business research

Startup FAILS: learning from the mistakes of others


The great American entrepreneur Henry Ford said “The only real mistake is the one from which we learn nothing.”  All startup founders should be familiar with the sting of making mistakes, but how much attention do we pay to the mistakes of others, those cautionary tales we should all heed to avoid the same pitfalls?

Aside from following the splashy headlines after a public failing – think GigaOm, Twitpic, Gowalla – there are several research tactics you can use to compile important lessons, and learn about your competition. 

CB Insights published this fascinating post-mortem on 146 failed startups. In addition to linking to the details on each company’s end story, there is value in seeing the repeating trends amongst the companies listed.  Business media abounds with Top 10 lists for why startups fail, but this kind of representative sample from CBI is incredibly useful for identifying mistakes amongst companies in your same market niche.

For more information on privately held companies, the local business journals are an invaluable source for interviews with company leaders. These publications are often able to glean valuable details on the growth or missteps of startup darlings which would be otherwise ignored by national media. The Business Journals, Inc. covers over 40 metro US cities.

Look for publicly traded companies in your industry. You'll find regular updates on the health of the company at their investor relations website (Google: Company name investor relations). Here you’ll find a digital copy of the “Glossy” annual report, often containing a SWOT analysis and audio files of the quarterly analysts calls – phone discussions between the C-suite and financial analysts on the current challenges and opportunities facing the company.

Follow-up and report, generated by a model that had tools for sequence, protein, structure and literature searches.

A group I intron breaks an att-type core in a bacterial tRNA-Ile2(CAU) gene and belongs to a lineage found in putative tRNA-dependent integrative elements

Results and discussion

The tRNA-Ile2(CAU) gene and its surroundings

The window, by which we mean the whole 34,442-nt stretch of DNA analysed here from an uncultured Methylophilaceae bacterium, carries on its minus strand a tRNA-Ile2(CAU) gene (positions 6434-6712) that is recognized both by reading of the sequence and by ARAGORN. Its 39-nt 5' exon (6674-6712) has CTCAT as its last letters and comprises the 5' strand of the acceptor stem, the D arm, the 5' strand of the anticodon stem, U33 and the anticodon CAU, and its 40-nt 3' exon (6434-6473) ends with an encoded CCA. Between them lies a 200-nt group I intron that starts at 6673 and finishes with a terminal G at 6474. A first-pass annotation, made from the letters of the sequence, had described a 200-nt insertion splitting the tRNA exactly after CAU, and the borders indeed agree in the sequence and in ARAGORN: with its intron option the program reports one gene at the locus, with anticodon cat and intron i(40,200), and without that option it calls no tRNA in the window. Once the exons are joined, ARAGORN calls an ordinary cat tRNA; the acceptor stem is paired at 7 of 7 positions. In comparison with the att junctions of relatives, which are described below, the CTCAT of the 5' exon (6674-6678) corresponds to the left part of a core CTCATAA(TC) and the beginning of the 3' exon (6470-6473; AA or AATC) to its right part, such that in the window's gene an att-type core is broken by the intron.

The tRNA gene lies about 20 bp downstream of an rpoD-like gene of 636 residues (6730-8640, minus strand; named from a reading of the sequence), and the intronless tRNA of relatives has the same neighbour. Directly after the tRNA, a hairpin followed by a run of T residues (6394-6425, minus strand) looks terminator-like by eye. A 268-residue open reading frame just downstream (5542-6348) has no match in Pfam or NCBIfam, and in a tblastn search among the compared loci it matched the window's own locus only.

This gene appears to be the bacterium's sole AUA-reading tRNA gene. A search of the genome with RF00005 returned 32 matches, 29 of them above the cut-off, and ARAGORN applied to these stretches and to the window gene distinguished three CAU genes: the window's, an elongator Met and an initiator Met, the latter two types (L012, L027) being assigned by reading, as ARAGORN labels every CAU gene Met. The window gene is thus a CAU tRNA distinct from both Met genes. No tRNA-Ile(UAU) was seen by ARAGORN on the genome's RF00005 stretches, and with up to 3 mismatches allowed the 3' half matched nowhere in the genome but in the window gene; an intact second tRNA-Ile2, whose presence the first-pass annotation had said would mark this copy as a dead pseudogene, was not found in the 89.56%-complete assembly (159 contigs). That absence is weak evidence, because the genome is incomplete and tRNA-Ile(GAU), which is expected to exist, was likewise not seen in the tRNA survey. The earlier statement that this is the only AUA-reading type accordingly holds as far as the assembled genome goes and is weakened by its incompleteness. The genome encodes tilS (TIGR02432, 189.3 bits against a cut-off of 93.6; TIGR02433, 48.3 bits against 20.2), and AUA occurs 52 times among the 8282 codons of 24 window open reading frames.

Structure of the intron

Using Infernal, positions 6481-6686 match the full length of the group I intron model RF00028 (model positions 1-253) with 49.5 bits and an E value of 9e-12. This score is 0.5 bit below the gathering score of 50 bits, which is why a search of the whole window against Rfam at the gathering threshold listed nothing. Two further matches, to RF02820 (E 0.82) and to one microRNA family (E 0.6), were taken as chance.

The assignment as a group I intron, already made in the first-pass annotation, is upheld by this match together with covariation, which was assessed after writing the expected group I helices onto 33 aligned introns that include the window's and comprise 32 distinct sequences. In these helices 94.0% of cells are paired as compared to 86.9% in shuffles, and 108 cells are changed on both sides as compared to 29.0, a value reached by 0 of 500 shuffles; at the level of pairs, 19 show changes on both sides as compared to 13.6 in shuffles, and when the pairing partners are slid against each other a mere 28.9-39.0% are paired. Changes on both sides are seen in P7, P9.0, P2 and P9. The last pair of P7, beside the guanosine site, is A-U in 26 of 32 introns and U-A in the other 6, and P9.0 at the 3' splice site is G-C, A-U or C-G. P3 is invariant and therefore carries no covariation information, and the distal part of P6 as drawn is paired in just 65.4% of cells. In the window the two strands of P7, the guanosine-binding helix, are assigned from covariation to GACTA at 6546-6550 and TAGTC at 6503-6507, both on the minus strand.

Another place to look for competitive clues is in SEC filings, particularly regarding the challenges faced by recent IPO companies. The S1 filing, which can be found on the SEC website includes discussion of executive personnel, management challenges, legal issues, risk factors and regulatory concerns.

Every startup will experience bumps in the road, but how those bumps are handled will ultimately determine whether the company survives intact. Performing a survey of how similarly positioned companies handled their bumps can lend crucial lessons in survival and a roadmap to success.

Lemon Theory of Due Dilligence

Last week, Bizologie presented at the SLA Texas Chapter meeting of information professionals in Dallas. It was a great program sponsored by Plunkett Research and IEEE. We had the privilege of hearing Dr. David Croson a professor of strategy, entrepreneurship, and business economics at SMU Cox School of Business. Croson is also an angel investor. His research and his presentation, Cashing In On Superior Research In The Startup Economy, both focus on the value of information in decision-making.


Because investors need to move money and make investments, time spent trying to pick only the best companies, or the “cherries” as Croson calls them, can be counter productive. Croson posits it is better to focus on filtering out the lemons and then invest in all the other opportunities that come across the desk. His research supports that that theory pays off.

How do you sort out the lemons? When doing due diligence on companies, go in looking for disconfirming evidence. Play the devil’s advocate and try and find every reason this company could or would fail: Is the industry not growing; Are there huge competitors; Are there unfavorable regulations coming? By intentionally looking for the bad news, you won’t miss something or be inclined to skip over something that seems negative.

Also as Croson points out, it is important to remember the value of research is zero if you don’t plan to make any changes with the information you receive. So when you are presented with the research, be sure that you are taking into account your original intentions and objectives for having sought the research in the first place.